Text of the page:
The player was Mirandinha, the manager Jim Smith, who signed him for Newcastle in 1987 for a club-record pounds 570,000. Today, Smith's Derby County take on Middlesbrough at the Baseball Ground and he may well be tempted to sympathise and share his experience with his opposite number Bryan Robson.
Robson may wonder what his chairman Steve Gibson's millions bought him. Branco has already been expensively paid off; Emerson's sick auntie has a pull that Teesside has not; Fabrizio Ravanelli has been criticising the defence, with good cause; and Juninho has been quoted in an Italian newspaper - via an agent, it is understood - as saying that Serie A interests him. It is a ploy described by one Italian journalist as "throwing the stone and hiding the hand", though Juninho himself says he is committed to the club "in the moment".
The rest of us are left to wonder why players such as Nicky Barmby and Jamie Pollock - ironically returning to the north of England after pining in Pamplona - are allowed to leave Boro when they would seem to represent more the long-term future of the English game rather than men for whom the Premiership is at present a lucrative halfway house until something posher comes on the market. Lake and Palmer, rather than Emerson.
Such anomalies are probably inevitable as the English game comes to terms with developing styles and tactics on the pitch and growing wealth off it. There are, too, the effects of the Bosman ruling still filtering through with movement likely to be ever more frequent.
Emerson's story is a warning sign of new-age problems. At Middlesbrough, Barmby was believed to be disillusioned with a wide wage differential between him and the overseas players. Juninho is thought to be disappointed with the club's itinerant and sub-standard training venues and programme.
Pre-Bosman, Blackburn expensively assembled a predominantly English team to win the title; roof before foundation. Something similar appears to be happening at Middlesbrough where training facilities have yet to match stadium and a youth policy is still getting going. Post-Bosman it gets harder; the problem for Boro is that anything they spend will be covered and raised by the bigger clubs. It costs just to stand still.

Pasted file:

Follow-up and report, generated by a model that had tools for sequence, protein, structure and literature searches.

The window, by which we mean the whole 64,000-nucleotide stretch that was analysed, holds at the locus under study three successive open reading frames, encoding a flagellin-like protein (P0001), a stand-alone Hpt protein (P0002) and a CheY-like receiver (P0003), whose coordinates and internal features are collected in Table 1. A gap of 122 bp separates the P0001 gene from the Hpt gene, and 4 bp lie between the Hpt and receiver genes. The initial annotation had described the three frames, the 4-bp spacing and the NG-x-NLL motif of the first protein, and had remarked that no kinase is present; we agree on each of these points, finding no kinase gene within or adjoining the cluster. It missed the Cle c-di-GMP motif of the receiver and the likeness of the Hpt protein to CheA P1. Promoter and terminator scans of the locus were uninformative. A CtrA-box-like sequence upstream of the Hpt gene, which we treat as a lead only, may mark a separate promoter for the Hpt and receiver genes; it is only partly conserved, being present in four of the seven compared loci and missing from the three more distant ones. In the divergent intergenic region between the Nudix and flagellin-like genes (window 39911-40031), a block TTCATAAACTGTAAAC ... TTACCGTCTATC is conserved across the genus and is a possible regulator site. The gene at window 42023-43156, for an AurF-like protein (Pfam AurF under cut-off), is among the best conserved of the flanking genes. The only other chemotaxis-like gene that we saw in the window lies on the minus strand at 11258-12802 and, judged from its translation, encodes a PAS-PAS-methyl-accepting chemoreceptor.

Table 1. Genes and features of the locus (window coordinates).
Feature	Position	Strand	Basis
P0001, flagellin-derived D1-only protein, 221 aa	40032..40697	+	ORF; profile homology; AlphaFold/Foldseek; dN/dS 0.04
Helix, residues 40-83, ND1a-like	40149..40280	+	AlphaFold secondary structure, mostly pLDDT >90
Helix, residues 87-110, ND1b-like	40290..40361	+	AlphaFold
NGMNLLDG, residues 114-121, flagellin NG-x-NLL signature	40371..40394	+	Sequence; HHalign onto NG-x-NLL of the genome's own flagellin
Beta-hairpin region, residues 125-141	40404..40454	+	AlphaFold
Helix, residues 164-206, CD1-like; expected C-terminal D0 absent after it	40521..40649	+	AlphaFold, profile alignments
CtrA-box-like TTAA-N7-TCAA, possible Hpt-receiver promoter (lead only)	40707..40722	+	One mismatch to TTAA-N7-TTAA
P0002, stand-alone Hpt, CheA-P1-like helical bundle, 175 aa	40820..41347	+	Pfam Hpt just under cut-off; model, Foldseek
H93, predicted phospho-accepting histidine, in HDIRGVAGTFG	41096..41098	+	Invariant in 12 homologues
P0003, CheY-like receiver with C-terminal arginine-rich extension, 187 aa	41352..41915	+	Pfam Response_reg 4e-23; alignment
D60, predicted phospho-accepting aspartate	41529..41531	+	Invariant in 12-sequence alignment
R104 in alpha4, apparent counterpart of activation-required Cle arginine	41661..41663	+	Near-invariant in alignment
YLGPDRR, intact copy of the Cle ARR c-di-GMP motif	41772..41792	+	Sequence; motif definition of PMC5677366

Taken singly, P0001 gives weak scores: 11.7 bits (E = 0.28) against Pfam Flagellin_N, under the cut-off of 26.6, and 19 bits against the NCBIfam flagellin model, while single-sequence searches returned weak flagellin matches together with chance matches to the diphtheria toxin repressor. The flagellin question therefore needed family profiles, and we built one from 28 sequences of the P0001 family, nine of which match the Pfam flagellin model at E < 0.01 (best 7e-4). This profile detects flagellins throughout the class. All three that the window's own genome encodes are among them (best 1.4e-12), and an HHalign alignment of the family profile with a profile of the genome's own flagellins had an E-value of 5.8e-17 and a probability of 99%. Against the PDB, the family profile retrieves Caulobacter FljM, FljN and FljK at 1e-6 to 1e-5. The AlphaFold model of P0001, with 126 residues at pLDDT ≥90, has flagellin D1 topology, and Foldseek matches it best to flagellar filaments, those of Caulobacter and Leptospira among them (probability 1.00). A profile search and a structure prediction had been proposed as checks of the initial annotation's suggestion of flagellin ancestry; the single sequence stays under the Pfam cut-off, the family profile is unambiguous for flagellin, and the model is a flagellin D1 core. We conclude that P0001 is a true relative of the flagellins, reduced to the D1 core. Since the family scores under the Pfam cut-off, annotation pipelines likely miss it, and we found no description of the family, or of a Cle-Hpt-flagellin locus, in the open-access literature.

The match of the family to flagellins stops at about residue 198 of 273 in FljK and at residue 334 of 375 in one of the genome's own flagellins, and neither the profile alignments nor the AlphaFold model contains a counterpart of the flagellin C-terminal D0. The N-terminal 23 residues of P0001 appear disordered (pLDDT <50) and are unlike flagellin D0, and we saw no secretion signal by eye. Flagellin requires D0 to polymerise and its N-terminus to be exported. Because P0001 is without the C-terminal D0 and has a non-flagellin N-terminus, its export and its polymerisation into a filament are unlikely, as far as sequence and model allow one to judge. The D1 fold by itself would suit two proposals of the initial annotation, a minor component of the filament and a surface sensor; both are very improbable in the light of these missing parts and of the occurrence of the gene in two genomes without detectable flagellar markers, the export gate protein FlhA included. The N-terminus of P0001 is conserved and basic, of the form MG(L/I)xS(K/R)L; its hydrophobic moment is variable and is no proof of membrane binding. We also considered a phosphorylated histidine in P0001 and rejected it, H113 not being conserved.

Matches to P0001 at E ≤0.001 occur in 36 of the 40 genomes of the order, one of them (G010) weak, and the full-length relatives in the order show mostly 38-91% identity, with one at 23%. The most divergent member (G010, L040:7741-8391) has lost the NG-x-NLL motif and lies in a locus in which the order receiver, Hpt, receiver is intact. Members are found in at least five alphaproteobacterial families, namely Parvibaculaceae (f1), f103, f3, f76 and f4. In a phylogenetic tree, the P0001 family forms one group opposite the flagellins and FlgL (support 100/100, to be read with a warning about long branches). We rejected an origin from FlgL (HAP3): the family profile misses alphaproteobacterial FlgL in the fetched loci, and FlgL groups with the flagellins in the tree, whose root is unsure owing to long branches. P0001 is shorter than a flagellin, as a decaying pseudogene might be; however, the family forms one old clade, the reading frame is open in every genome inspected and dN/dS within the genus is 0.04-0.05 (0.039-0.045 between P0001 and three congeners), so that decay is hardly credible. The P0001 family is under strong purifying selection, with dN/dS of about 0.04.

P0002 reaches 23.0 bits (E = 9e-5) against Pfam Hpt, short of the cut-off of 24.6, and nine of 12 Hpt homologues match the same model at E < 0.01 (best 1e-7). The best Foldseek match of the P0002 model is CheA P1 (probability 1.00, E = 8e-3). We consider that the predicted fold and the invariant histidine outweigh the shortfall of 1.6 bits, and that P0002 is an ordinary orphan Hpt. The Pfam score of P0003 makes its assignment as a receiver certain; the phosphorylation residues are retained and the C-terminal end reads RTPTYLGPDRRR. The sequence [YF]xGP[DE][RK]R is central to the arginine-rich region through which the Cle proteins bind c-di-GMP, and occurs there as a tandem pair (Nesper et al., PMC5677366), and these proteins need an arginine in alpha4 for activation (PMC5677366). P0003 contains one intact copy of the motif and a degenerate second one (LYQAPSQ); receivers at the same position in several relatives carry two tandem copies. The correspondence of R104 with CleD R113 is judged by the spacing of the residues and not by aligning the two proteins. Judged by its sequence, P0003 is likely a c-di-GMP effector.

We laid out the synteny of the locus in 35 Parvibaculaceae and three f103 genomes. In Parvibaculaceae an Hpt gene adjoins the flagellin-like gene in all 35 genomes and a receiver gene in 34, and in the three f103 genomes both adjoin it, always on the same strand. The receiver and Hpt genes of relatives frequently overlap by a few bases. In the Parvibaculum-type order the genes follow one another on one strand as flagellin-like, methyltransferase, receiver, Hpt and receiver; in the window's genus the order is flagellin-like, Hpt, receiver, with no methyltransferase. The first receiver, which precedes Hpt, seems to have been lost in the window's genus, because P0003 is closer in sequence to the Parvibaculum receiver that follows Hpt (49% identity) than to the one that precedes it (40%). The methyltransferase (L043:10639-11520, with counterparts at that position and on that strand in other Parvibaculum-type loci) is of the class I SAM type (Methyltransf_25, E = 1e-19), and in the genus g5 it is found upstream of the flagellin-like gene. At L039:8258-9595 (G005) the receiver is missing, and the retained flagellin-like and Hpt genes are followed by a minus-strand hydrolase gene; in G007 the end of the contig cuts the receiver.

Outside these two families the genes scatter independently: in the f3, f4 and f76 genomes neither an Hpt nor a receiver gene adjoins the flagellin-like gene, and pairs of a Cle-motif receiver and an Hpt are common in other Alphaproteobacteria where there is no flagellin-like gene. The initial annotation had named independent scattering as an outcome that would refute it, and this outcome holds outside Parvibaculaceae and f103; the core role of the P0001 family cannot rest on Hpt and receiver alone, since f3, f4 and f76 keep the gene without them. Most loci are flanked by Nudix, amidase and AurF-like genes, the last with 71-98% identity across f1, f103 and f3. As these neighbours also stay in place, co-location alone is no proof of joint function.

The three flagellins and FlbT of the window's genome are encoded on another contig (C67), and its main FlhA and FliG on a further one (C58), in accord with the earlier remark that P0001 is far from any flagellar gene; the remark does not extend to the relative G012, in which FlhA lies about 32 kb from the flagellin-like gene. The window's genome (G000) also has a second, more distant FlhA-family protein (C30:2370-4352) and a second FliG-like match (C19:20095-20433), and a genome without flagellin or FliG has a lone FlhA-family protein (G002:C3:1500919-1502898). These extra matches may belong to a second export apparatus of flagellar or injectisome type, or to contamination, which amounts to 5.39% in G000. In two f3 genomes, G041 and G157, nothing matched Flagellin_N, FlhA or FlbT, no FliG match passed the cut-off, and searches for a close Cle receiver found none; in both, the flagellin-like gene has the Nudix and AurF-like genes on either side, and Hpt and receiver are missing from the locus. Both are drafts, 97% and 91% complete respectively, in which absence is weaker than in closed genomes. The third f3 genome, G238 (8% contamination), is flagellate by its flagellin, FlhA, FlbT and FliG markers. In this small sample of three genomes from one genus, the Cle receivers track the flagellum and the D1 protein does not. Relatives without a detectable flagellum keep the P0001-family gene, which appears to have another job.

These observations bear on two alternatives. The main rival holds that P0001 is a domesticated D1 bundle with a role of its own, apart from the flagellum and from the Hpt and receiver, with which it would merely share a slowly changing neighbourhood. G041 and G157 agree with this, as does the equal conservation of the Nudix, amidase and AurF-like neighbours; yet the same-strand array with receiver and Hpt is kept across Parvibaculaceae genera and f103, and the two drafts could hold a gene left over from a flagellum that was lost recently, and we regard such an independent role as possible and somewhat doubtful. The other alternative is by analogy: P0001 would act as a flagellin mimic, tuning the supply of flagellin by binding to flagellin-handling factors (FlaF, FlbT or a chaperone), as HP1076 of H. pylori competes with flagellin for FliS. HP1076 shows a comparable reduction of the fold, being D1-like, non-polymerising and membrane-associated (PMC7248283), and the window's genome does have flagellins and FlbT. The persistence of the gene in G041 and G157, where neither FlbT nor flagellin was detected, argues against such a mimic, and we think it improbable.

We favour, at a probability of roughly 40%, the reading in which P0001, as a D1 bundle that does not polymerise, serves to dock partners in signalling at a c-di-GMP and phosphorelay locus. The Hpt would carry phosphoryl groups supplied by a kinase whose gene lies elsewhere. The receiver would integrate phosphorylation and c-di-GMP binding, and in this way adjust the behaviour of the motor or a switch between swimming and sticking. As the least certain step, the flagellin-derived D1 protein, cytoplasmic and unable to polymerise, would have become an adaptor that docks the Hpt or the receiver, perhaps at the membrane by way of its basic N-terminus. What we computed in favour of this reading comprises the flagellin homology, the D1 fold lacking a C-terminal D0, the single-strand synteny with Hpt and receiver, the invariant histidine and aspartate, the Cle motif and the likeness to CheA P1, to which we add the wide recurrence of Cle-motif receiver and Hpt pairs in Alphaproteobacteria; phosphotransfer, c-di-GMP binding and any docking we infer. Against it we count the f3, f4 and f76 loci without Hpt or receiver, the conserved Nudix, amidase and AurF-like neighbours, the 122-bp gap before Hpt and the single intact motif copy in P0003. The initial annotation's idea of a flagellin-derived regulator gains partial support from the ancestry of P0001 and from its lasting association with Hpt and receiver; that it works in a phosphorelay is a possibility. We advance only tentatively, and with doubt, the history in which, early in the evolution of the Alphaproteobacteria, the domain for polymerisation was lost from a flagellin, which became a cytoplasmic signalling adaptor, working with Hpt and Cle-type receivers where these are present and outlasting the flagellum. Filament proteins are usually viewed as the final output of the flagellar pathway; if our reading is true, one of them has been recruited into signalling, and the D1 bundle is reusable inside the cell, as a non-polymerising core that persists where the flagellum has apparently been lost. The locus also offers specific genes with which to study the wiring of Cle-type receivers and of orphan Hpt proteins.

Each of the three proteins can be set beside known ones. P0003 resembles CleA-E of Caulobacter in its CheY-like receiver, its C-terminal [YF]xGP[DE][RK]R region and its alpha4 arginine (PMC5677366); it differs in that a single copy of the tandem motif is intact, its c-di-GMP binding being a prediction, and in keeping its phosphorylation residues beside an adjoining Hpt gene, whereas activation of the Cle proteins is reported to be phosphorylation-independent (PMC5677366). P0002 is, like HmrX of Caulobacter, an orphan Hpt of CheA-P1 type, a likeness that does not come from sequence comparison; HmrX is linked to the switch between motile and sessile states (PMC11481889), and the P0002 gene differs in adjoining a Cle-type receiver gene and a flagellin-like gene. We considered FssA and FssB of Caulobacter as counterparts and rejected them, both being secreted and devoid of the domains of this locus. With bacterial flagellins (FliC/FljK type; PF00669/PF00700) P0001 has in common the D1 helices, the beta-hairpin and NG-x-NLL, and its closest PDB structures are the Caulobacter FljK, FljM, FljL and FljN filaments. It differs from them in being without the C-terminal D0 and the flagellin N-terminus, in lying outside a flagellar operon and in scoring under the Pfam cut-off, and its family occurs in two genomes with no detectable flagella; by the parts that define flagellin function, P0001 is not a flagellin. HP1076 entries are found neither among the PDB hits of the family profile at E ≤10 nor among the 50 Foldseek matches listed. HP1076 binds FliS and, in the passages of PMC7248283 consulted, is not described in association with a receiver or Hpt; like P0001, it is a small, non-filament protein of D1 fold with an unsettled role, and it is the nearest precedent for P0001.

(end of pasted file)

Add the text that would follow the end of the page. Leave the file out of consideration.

"It's always a gamble," said the West Ham manager, Harry Redknapp, one of the Premiership's main recruiters from abroad, and the success of Eric Cantona illustrates how odds-against ones can work. "I have them over for a week, have a good look to see how hard they work and how well they fit in, but as regards temperament it can be the luck of the draw."
Redknapp has one advantage, he admits, and one which has also facilitated Gianfranco Zola's move to Chelsea: London. "It's a magnificent city and let's face it, Middlesbrough's not in the same league. We have Slaven Bilic and Marc Rieper who live by the Thames and they can nip out to Knightsbridge for some shopping with their wives or to a restaurant."
Redknapp has had failures, notably the 20-year-old Portuguese Dani, now with Ajax. "He was only a baby," Redknapp said. "He was still coming to terms with having to work harder and be more dedicated." Scandinavians are safer, he added, but do not provide the flair of his current Portuguese Hugo Porfirio, who reminds him of Jimmy Johnstone.
"I think you are best with EC players," the Sheffield Wednesday manager David Pleat said. "Outside of that, you don't find players with the same appetite for work. Anyone can find a player who can trap, pass and shoot but the art is finding one who has the right attitude, who isn't a sulker."
Redknapp believes that you are just as likely to have problems with English players - after all Stan Collymore gets homesick for Cannock - though Pleat is not so sure. "If an English player's auntie dies, he goes to the funeral and comes back to work. Some foreign players want to go home if their mother gets the flu."
Agents are a serious problem. "I watched the Sunderland- Middlesbrough derby," Pleat said, "and you could almost see Ravanelli and Juninho thinking, `They're kicking me, it's too fast, I don't have enough space to show my skills.' Then some agents will say `I'll get you a move then'." Age is another factor. There have been signings, such as Patrik Berger and Patrick Vieira, who encourage the belief that good young talents are coming, but the suspicion lingers that money for the aged whose best years are behind them is still more the norm.
Too young, says Redknapp, and you risk them not adapting; too old, says Pleat, and there is no resale value. He cited three he will parade against Nottingham Forest tomorrow night in Benito Carbone, Orlando Trustfull and Regi Blinker, at 24, 25 and 26 respectively, as the right vintage.
Few can dispute that a colourful collection of imports has enlivened the English game, whatever their motives, though their signings clearly remain an expensive game of chance. The potential for the gamble to fail at Middlesbrough in the rush to be a big club looks high.
One wonders in what other industry would so much be invested in talent without more thorough research. "The skill," as Pleat says, "is in finding out what players eat for breakfast." The glitz and the glamour still seem to send some hard- headed businessmen soppy, forcing them to repent at leisure. Here is the home of the gullible video watcher. Investing in coaching, youth, training centres and better overseas scouting and intelligence may sound dull but it is surely more worthy.Reuse content